If I could have earned a dollar for every time I heard the plea, “I can’t find decent guys”, I would be a wealthy man. There is no doubt that the building booms in Auckland and Christchurch have lead to a major shortage of skilled staff and the years of low or no activity in bringing on new talent to the industry is coming back to haunt us. The flight of many talented people across the ditch to Aussie when things were quieter here is also difficult to reverse. Acknowledging that it is not simple to suddenly find extra staff with the right skills and the right attitudes, just what can you do to maximise the chances of your hunting success?
Here are 6 tips that may help.
- Ask your current team for help. Referrals from existing team are the top way to find workers. To dial up the pace, announce to your team that you have openings and that you’d like them to tell their family and friends about the openings. Don’t assume that they would make a referral without being asked. Some do, some don’t. You’ll certainly get more referrals after you ask your guys for those referrals.
- Incentivise your guys to make referrals. Do this only after you’ve asked for referrals for a few weeks. The next step is to pay a referral fee, conditional on the new team member staying some length of time. In addition to cash, alternative forms of compensation could be time off or specific gifts.
- Promote from within. Ask yourself whether the position you are looking to fill can be done so from within. This is particularly true if you are looking for a foreman, for example and you have a tradesman in the team that has the right attitude and could be trained into the new role. It takes times and will probably then make you short a lower level builder of course, but the potential pool of tradesmen at this level is typically bigger. The added advantage of promoting from within is that it creates a good environment and culture in the business, as newer team members can see a career path for themselves.
- Use a different advertising source. Whatever you’re using now probably isn’t bad, but it doesn’t hit the entire market. If you’re advertising in the local newspaper, try Seek.co.nz. If you’re on Seek.co.nz, try the local newspaper. Think about community weekly newspapers for suburban newspapers, as well as the free weekly urban “alternative” newspaper, as well as the major daily newspaper. Also list your openings with the state employment service. Put up fliers at the supermarket, sports clubs and other community bulletin boards. Try the placement offices at the local colleges, as well as the bulletin boards on the campuses. Ask your suppliers and other trades business owners you work with. Cast your net widely, being especially eager to use the free or low-cost services you have not used in the past.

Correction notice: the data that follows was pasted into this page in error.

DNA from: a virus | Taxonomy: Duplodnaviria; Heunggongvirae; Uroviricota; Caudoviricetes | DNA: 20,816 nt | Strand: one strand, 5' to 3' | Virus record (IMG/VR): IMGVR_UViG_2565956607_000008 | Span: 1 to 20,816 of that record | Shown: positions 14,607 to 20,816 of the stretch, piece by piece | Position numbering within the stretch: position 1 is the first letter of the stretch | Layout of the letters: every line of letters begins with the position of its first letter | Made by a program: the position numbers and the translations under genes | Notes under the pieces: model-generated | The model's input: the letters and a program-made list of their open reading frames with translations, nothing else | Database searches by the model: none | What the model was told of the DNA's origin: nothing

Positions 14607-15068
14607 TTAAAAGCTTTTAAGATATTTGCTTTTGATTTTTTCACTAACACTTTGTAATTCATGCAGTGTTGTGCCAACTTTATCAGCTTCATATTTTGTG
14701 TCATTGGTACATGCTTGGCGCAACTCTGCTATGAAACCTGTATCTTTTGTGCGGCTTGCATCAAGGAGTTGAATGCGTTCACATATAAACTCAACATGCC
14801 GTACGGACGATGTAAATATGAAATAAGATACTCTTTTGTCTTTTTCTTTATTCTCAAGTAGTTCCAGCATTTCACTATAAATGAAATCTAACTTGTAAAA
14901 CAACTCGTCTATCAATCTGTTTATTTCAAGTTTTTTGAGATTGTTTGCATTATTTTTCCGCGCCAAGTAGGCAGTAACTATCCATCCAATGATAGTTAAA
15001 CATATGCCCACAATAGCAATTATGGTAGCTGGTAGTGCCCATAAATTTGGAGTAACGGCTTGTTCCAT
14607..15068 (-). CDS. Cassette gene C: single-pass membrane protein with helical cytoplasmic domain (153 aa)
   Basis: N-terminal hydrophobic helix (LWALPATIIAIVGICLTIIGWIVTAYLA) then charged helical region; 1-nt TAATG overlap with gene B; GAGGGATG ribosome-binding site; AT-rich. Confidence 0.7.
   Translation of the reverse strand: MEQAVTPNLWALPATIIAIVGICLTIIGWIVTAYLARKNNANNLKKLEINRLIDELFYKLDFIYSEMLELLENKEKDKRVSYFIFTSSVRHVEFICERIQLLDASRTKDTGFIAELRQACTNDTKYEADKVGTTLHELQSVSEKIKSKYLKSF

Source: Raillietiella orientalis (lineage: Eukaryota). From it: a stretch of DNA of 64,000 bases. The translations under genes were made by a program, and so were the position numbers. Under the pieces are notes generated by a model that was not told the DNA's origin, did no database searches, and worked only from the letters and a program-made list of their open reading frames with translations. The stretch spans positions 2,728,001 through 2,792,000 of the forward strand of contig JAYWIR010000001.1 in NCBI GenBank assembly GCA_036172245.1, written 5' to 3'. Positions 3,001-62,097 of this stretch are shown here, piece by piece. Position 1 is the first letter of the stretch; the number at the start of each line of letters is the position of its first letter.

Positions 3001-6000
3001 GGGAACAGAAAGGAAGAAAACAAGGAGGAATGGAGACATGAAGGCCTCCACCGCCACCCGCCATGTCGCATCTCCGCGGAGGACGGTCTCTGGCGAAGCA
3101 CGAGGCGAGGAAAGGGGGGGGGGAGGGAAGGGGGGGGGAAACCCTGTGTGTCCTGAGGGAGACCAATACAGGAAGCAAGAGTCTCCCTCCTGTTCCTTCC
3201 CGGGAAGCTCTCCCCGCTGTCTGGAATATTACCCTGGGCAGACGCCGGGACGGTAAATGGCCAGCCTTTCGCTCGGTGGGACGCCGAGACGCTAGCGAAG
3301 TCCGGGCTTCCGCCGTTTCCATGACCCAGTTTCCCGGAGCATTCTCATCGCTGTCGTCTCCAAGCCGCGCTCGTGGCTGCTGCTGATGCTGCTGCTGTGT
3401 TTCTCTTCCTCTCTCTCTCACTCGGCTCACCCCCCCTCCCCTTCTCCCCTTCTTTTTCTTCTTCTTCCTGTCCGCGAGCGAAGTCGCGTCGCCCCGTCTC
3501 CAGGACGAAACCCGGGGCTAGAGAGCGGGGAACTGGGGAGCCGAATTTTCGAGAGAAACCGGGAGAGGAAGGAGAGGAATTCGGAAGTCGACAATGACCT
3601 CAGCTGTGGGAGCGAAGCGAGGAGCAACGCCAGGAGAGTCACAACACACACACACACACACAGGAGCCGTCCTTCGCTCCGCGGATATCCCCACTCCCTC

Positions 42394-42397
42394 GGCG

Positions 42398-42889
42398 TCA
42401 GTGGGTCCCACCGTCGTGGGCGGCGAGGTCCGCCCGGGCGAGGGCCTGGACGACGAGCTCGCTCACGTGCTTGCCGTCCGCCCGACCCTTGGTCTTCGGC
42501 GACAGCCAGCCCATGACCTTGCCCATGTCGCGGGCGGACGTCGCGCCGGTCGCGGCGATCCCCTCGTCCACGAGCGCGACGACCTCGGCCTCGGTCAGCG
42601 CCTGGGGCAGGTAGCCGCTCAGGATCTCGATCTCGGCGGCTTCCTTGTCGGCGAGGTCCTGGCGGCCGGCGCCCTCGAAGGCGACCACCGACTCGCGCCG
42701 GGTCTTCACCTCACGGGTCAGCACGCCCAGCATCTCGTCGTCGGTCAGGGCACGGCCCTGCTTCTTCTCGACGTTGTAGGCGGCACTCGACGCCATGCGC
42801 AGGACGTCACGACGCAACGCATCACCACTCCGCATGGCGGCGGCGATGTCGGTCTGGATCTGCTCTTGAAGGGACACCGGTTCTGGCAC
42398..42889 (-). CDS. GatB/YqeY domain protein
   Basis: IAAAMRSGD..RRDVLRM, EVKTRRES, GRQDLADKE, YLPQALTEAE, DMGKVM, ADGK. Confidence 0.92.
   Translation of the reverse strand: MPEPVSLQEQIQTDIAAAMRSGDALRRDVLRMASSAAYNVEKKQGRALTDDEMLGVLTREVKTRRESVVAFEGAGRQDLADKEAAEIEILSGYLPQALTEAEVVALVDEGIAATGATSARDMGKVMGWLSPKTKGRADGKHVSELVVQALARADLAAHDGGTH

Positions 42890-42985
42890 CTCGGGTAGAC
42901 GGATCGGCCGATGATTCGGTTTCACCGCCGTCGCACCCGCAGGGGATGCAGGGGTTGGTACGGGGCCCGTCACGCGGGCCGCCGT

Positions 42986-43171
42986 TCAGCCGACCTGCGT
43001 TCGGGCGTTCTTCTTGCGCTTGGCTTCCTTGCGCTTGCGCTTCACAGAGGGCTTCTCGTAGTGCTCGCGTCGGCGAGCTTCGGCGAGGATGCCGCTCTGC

- Look to the regions. The building boom in New Zealand at this time is definitely not spread evenly. Building activity in some of the smaller centres is flat at best and so provide a potential pool of skilled workers that may be prepared to shift to a major centre to find more reliable work. Maybe they will commute on a weekly basis rather than move. This brings a whole new set of issues around maybe needing to provide accommodation help, but think outside the square here. Desperate times require desperate measures. Maybe even look overseas. The Christchurch rebuild wouldn’t be happening if it wasn’t for skilled workers being brought in from around the world.
- Change you advertisement. Does your ad start along these lines: “Builder required. Must have own tools and reliable transport…” or similar? Probably most of the ads you are up against look alike and so are unremarkable. Make your ad stand out with a funky or remarkable headline and sub-headline. You are in a very competitive market and so need to market your company and the position you are looking to fill with more aggression and uniqueness.
Need some help with a team development strategy? Contact me at firstname.lastname@example.org and we can have a conversation. I know it is not easy, but just doing what you have usually do and complaining won’t solve anything.
Time to try something new? Go to my website: The Trades Coach